Special economic zones will be created in Russia to encourage foreign investment, Arkady Dvorkovich, deputy minister of economic development and trade, told reporters after a cabinet meeting Thursday. He said the cabinet approved a draft law, 'On the Creation of the Legal Bases for the Functioning of Zones for Advanced Technology and Industry.' Dvorkovich said: 'Special economic zones are to be one of the most important instruments of Russian investment policy.' The basic features of the plan, he said, are a simplification of the legal situation for foreign investors and tax breaks to be accorded them by regional authorities. Investors also will get certain privileges on real and other property: they will be allowed to buy land and obtain approval for construction in a streamlined way.
Dvorkovich said some 10 regions have already asked to become part of this program, largely regions in Russia's south-Krasnodar Territory, the Volga Region and Tatarstan as well as the Far East and Northwest Regions. 'Expected total investments are expected to run into the billions of dollars merely from the first stage of the program,' the deputy minister said.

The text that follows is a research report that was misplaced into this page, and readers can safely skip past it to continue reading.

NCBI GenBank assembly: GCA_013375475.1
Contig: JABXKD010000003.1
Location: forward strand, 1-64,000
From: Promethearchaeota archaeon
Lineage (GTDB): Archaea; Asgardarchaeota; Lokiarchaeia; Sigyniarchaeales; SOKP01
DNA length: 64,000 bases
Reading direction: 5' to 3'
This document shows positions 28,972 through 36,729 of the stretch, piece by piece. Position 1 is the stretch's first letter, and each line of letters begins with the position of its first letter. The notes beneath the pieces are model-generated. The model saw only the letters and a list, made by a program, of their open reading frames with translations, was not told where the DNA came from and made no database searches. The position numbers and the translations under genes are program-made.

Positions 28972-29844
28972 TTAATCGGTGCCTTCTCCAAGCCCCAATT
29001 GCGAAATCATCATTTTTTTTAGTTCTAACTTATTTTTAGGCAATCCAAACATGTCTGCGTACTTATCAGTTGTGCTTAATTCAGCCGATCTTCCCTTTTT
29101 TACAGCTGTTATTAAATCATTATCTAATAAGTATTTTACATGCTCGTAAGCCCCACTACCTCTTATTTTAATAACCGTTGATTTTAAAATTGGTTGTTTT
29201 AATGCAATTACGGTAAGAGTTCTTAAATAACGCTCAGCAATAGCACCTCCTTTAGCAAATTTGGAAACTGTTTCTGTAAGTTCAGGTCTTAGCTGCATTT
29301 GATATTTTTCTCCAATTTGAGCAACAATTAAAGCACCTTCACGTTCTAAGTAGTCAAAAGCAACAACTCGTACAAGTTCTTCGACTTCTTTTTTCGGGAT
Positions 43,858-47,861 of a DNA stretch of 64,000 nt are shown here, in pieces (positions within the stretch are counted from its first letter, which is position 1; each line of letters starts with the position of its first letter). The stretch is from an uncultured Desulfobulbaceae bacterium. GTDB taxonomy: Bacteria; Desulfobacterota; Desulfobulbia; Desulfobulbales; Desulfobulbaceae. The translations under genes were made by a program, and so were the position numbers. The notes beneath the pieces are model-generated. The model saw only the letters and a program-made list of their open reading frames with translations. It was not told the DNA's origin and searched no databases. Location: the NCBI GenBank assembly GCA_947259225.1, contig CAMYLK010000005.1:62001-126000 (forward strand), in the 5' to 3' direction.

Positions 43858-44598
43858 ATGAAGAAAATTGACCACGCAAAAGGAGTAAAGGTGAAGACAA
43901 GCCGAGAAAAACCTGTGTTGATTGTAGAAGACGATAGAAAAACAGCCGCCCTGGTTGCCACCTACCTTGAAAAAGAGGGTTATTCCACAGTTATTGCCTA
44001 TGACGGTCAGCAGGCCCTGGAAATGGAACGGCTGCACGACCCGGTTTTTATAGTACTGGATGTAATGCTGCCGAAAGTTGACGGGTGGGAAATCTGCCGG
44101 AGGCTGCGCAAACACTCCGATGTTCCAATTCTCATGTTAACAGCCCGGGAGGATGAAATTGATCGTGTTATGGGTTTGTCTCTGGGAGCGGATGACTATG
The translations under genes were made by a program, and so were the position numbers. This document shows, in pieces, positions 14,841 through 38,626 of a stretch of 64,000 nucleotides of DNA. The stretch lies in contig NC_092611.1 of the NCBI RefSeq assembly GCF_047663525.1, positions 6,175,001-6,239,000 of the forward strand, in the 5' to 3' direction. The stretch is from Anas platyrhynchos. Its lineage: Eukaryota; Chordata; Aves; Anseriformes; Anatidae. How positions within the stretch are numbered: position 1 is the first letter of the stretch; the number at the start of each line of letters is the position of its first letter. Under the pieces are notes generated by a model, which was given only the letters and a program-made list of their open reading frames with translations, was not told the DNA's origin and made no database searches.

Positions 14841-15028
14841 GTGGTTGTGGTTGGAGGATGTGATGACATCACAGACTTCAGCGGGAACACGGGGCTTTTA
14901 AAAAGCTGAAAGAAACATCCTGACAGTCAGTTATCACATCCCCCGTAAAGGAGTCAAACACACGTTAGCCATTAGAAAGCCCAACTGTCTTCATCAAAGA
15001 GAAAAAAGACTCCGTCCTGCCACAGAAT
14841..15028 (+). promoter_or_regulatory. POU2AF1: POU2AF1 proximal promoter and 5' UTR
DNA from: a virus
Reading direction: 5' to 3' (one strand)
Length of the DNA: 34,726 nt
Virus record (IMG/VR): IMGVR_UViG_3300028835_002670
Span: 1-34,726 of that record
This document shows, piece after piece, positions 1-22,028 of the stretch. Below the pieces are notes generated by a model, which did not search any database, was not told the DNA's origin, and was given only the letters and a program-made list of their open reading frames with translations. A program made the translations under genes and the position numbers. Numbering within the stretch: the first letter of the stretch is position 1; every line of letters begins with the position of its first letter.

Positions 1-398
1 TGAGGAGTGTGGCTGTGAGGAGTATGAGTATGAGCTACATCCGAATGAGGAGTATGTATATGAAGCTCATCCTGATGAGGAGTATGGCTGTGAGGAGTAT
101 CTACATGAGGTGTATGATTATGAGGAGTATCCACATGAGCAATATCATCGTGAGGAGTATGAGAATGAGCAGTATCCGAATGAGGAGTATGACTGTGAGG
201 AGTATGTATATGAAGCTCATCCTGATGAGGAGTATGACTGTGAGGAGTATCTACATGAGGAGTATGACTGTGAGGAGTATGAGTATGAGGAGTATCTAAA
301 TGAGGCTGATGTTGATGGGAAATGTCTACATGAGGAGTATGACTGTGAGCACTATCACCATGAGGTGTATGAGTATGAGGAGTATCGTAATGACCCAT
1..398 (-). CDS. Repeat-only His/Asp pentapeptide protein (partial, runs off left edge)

The Finance and Tax Ministries have opposed the creation of economic zones, contending that they would become a mechanism for avoiding taxes. As Dvorkovich explained it, the danger will largely be avoided by the proposed law's limiting tax breaks to specific investment projects and not giving them to the regions as such. 'The tax break will not be applicable to any other undertaking,' he said. The first economic zones may appear as early as 2005.
The difference between the West and the two mighty allies in the East - Russia and China - is enormous. In fact, it is not a difference, but an outright contrast